October 14, 2009

One hurdle cleared

Random animal picture. Arpad, the big white boy on the right, has been missing since Monday.

Health care reform efforts cleared a major hurdle yesterday, when the Senate Finance Committee approved its plan to revamp the system. While the bill is way better than nothing, it could still be improved. Here is the introduction to an analysis by Robert Greenstein of the Center on Budget and Policy Priorities:

The Senate Finance Committee’s approval of an ambitious health reform plan marks a major step toward enactment of legislation to extend health care to tens of millions of people who lack it, strengthen insurance protections for millions more who are underinsured or face exorbitant charges, and begin to address the nation’s most serious fiscal threat — the relentless rise in health care costs.

The Congressional Budget Office has reported that the bill would modestly reduce the budget deficit both over the next ten years and beyond. This is a fiscally responsible bill that would redirect federal spending and tax subsidies from less productive uses elsewhere in the health care sector. (Read: http://www.cbpp.org/cms/index.cfm?fa=view&id=2920)

While the committee package represents a vast improvement over the current health insurance system, it has some serious shortcomings that likely would limit its effectiveness in certain areas. Because the health reform bills approved by the Senate Health, Education, Labor, and Pensions (HELP) Committee and three House committees are stronger in those areas, policymakers should blend the best provisions from these bills as they move forward.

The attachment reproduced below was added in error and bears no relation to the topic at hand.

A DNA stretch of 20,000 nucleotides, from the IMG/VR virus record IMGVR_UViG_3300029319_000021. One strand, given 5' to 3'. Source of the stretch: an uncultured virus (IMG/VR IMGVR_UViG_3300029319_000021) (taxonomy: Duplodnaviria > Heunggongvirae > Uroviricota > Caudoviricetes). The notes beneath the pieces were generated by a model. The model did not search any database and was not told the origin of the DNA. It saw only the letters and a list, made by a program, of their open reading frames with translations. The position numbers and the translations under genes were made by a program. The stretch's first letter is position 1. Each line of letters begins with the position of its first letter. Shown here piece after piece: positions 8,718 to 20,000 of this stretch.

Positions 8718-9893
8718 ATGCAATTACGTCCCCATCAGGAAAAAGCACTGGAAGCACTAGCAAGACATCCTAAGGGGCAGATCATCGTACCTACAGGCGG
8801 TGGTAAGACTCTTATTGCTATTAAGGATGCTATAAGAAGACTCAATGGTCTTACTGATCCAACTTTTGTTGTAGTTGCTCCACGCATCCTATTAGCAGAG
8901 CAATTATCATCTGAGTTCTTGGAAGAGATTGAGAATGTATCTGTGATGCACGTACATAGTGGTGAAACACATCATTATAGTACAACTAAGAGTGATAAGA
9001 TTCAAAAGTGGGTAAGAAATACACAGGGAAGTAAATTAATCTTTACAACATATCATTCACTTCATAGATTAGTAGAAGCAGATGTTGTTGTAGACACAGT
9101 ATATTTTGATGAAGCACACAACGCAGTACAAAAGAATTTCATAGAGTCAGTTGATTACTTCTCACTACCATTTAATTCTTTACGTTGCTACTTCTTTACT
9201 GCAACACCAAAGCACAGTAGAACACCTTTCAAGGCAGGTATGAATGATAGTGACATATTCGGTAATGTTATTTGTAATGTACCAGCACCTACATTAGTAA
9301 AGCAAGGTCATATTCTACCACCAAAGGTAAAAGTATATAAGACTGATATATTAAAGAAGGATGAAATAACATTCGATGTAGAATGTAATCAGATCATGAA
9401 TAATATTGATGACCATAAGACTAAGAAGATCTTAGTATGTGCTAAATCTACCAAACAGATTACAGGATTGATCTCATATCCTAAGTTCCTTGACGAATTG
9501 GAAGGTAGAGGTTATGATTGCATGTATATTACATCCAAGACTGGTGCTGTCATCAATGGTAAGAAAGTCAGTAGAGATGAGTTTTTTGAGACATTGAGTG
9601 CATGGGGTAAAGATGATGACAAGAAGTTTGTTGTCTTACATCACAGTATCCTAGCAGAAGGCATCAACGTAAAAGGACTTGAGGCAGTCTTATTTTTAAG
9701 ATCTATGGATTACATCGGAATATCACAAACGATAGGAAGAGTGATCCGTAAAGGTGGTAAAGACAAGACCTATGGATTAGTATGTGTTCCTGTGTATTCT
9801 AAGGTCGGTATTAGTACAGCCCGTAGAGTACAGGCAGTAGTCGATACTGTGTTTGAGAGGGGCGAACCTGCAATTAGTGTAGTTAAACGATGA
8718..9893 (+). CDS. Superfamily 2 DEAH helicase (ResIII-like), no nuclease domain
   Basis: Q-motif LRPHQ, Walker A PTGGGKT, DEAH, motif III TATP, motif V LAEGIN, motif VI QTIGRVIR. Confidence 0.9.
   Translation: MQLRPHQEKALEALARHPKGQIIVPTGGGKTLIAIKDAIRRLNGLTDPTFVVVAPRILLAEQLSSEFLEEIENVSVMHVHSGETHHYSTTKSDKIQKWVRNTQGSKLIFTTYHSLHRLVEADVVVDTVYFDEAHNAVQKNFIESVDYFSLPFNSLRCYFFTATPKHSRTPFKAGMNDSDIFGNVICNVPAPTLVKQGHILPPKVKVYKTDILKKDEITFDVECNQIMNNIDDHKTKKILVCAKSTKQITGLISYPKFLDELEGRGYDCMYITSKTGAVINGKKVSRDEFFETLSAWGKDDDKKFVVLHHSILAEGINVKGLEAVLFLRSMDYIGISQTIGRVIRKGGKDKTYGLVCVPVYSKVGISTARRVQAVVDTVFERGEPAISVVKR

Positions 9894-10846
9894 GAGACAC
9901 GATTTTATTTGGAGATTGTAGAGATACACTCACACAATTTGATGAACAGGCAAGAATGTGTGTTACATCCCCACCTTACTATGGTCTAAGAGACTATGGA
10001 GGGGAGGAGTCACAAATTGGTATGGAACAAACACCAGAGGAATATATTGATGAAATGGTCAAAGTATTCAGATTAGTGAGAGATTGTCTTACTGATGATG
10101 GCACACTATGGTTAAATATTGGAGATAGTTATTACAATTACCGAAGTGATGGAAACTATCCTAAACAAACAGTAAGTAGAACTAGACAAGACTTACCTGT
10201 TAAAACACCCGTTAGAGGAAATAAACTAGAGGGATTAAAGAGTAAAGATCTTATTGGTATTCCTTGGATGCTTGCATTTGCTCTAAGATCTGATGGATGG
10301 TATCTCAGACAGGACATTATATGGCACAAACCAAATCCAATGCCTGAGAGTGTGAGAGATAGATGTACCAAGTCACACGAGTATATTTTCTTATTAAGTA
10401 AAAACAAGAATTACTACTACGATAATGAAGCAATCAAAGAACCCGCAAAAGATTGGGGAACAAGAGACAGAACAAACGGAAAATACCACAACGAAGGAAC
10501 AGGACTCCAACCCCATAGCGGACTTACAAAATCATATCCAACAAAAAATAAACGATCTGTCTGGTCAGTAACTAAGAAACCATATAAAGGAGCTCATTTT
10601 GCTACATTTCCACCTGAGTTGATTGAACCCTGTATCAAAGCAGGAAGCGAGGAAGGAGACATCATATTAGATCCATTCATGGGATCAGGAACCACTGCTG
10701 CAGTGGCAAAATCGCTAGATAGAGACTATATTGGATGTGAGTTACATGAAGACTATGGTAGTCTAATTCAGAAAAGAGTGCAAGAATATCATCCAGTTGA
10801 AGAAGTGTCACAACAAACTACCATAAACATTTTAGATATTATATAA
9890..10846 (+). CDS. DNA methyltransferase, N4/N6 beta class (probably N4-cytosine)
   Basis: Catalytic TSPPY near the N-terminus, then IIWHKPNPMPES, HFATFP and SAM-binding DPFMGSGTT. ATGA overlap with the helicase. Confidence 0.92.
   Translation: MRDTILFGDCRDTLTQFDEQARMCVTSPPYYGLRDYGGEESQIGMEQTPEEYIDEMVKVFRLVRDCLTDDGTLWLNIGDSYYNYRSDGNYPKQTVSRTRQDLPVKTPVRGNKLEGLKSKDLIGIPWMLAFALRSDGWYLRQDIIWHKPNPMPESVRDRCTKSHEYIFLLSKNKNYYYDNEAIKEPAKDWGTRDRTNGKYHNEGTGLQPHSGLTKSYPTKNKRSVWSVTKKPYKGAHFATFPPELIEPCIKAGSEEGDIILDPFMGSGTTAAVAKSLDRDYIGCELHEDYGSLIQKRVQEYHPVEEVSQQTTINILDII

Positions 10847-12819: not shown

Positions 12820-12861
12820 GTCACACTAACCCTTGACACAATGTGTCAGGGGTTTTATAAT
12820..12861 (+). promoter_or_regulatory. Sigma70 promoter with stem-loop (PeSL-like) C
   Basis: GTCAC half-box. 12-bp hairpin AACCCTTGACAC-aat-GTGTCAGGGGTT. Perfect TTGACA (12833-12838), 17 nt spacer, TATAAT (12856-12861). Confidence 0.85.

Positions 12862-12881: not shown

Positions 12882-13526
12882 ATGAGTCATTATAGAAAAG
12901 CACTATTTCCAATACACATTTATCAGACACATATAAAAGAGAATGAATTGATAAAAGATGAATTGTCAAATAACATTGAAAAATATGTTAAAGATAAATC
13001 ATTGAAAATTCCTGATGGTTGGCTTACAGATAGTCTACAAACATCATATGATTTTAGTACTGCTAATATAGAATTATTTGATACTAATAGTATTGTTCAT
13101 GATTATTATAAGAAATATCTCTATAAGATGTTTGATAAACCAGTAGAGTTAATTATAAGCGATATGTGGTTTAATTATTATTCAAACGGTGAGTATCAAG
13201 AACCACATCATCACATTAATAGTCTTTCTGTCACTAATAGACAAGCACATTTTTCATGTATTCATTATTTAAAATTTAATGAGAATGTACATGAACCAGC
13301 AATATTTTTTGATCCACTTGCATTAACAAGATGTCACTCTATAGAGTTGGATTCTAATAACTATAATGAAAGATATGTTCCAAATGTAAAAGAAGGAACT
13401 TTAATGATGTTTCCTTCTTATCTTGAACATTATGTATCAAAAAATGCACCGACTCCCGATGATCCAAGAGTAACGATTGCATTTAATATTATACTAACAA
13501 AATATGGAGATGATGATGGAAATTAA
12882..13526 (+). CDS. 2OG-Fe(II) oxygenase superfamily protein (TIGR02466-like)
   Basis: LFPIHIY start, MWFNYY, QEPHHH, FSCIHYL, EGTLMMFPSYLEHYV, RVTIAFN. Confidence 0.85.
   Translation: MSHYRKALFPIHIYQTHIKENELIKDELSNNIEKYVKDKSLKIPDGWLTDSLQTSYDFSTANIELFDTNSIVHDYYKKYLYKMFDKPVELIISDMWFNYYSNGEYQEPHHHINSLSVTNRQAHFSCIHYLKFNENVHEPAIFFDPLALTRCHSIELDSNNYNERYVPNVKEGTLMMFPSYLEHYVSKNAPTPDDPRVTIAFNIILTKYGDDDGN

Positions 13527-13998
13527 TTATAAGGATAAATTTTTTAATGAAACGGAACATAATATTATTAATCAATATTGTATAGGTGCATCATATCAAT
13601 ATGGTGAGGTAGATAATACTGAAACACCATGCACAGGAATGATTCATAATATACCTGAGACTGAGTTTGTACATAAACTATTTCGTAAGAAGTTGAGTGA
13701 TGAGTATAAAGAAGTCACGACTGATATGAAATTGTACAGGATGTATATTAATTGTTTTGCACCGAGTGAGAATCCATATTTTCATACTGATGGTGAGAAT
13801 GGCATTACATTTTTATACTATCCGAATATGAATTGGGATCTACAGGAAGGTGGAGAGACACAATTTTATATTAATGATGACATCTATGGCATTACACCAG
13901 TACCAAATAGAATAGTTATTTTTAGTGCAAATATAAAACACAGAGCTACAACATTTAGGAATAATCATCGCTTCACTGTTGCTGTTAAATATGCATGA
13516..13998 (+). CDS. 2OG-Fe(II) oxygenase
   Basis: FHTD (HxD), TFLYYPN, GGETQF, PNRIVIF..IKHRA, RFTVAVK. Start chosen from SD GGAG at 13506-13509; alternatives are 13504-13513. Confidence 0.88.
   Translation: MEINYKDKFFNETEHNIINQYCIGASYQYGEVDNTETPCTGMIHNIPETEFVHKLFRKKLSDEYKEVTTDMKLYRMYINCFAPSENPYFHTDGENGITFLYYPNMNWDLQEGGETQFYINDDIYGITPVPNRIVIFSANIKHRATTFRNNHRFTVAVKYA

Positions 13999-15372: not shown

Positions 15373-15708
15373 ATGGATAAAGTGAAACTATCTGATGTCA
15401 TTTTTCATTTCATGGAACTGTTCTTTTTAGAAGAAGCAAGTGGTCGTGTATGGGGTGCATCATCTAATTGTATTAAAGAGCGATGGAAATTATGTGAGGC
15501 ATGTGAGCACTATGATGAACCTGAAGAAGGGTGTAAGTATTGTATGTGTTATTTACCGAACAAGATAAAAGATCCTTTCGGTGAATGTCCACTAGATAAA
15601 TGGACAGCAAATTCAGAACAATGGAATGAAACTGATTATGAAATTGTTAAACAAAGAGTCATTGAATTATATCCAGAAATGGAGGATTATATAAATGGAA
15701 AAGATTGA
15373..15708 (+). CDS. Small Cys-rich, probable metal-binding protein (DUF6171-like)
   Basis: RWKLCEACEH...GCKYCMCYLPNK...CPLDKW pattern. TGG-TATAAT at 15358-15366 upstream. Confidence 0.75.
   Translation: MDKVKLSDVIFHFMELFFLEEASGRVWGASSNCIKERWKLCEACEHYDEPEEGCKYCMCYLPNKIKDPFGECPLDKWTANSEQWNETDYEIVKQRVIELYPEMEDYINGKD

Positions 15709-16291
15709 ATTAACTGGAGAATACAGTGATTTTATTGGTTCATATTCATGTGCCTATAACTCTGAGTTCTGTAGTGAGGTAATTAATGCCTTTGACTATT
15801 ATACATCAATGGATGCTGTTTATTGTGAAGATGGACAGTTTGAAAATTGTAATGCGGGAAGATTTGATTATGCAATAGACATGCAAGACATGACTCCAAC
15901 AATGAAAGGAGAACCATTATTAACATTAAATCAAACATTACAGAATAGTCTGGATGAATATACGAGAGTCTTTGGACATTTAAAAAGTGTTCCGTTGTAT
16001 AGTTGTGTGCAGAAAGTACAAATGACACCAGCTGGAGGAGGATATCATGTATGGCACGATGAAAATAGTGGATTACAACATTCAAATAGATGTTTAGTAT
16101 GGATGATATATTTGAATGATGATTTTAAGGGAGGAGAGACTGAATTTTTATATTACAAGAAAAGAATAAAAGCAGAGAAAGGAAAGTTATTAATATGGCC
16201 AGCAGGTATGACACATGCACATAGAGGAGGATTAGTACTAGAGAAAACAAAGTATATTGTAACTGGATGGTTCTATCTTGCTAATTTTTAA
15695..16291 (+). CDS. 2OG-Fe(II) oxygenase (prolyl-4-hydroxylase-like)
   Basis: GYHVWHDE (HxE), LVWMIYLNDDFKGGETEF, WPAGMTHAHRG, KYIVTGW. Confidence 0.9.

The rest is worth a look.

THIS IS GOING TO GET UGLY. A public hearing on changes to the mountaintop removal mining permit process got loud and nasty in Charleston. As I've said before, I really hope I'm wrong but it wouldn't surprise me if somebody gets killed before all this is over.

A LITTLE MORE CIVIL was this public forum on health care reform the same night.

PAY CUTS are another feature of working life in the Great Recession.

A VISIT WITH THE DOCTOR. That is, bluegrass legend Dr. Ralph Stanley.



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